'Tis the season to Crave: Anne Dujmovic's picks

From an entry-level digital SLR to a snazzy guitar tuner to a baby elephant, here's all I want for Christmas.

Anne Dujmovic Former Senior Editor / News
Anne Dujmovic was a senior editor at CNET. Her areas of focus included the climate crisis, democracy and inclusive language. She believes in the power of great journalism and art, and the magic of tardigrades.
Expertise Editorial standards for writing about complex topics, from climate change to politics to misinformation. Credentials
  • Extensive journalism experience in digital media.
Anne Dujmovic
3 min read
Anne and Santa
In the mid-'70s, Santa had not yet heard of an iPhone. But he did get an earful about the Barbies that my sister (right) and I wanted.

Editor's note: From now through the end of December, various Crave experts will be sharing their top five (mostly) tech-related wishes for the holiday season. See what we crave, and maybe you'll get some ideas!

1. Canon EOS Rebel XSi. For the past five years, my Canon PowerShot A80 has been with me for some memorable moments--from the old Olympic stadium in Athens where I sat across the aisle from the former king of Greece in 2004, to the secluded beach on the north shore of Kauai where I got engaged earlier this year. Two months ago, the ol' point-and-shoot decided it had had enough excitement. But even before then, I had been thinking about trading up to an entry-level digital SLR.

I've got my eye on the Canon EOS Rebel XSi. It gets high marks from Consumer Reports and CNET, it's in my price range (around $700), and it's a Canon. CNET's own Lori Grunin describes it as the best Canon dSLR for "most hobbyists" and "vacation shooters." Sounds like the perfect camera to tote around Australia and New Zealand in 2009.

2. Digital audio recorder. The other night my dad told me that as a young boy growing up in Yugoslavia he sought out English-language news magazines like Time to find out what was really going on in the world. It was just after World War II and his source was the reading room at the U.S. Consulate. This is just one of many stories I want to know and record so the next generation of Dujmovics will hear them.

I'm considering the Griffin iTalk Pro and the XtremeMac Micro Memo because I could use either one with my iPod. But then there's this application for the iPhone called Recorder. Problem is I don't have an iPhone and I'm just not ready to succumb. I don't like having all the answers in front of me. I like to ponder things. Besides, when I do wonder aloud about something, my fiance is often there with his iPhone, ready to Google whatever it is for me.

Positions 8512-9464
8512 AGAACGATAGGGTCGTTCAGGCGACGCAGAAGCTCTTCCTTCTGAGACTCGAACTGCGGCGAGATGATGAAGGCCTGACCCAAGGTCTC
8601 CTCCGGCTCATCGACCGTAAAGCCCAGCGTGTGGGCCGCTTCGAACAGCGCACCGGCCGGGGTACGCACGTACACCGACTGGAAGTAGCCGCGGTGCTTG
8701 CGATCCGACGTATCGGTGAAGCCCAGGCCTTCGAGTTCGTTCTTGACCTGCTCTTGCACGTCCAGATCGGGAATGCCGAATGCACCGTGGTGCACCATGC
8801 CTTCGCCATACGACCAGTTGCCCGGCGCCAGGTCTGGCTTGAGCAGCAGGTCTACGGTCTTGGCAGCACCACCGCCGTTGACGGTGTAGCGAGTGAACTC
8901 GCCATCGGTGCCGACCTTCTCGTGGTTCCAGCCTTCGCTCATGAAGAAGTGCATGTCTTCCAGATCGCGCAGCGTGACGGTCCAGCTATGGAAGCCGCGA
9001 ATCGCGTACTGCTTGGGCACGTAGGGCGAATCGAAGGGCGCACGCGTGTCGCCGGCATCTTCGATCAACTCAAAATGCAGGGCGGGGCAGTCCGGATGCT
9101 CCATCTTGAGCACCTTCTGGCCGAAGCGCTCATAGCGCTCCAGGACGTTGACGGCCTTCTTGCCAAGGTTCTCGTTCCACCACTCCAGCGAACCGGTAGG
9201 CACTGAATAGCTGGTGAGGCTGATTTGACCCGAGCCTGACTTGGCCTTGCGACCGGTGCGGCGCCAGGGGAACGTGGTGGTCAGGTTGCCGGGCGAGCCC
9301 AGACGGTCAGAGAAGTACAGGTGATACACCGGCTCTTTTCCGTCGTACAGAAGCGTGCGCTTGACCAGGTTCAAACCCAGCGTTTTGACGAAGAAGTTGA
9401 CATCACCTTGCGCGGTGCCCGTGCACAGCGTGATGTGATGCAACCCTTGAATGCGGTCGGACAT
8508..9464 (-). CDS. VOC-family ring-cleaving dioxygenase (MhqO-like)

Guitar Toolkit
Guitar Toolkit

3. Guitar Toolkit. I've been playing guitar for three years now, and my Korg GT-3 has always seemed a little, well, imprecise. Part of it is probably user inexperience--you adjust the guitar's tuning pegs this way and that while watching the little red light bounce around on the tuner until it reaches the middle and turns green. I found a guitar tuner I like, only it's an iPhone app. (Sigh. See above item.) It's called Guitar Toolkit ($9.99). Not only does it have a chromatic tuner, but a chord finder (you can even "strum" the screen to hear what a particular chord sounds like), and a metronome. Now if only it included a recording of my former guitar teacher imploring me to "play, and play mistakes loudly."

4. Baby elephant. OK, I admit I'm just trying to one-up my colleague Caroline McCarthy, who put a penguin on her wish list last year. The Portland Zoo got its very own baby elephant over the summer, the first to be born there in 14 years. Even the most hardened hearts cannot resist the charms of Samudra. The Oregon Zoo provides regular updates on its Web site, where you can also watch videos of Sam at play with his mom and aunties.

5. Nothing. When I was a kid, every year I'd ask my dad what he wanted for Christmas and he'd say something along the lines of, "For you kids to get along." (We all do get along--now. But we mostly did then too.) So in that spirit, and even more so because things are rough all over, the one thing I'm truly asking for is nothing. Take the money you were going to spend on me and donate it. Need ideas? A good place to start is a site like Charity Navigator, which evaluates charities according to such criteria as how efficient they are. Better yet, give to an organization you've volunteered with, or get out there and volunteer to find out what a particular place does firsthand.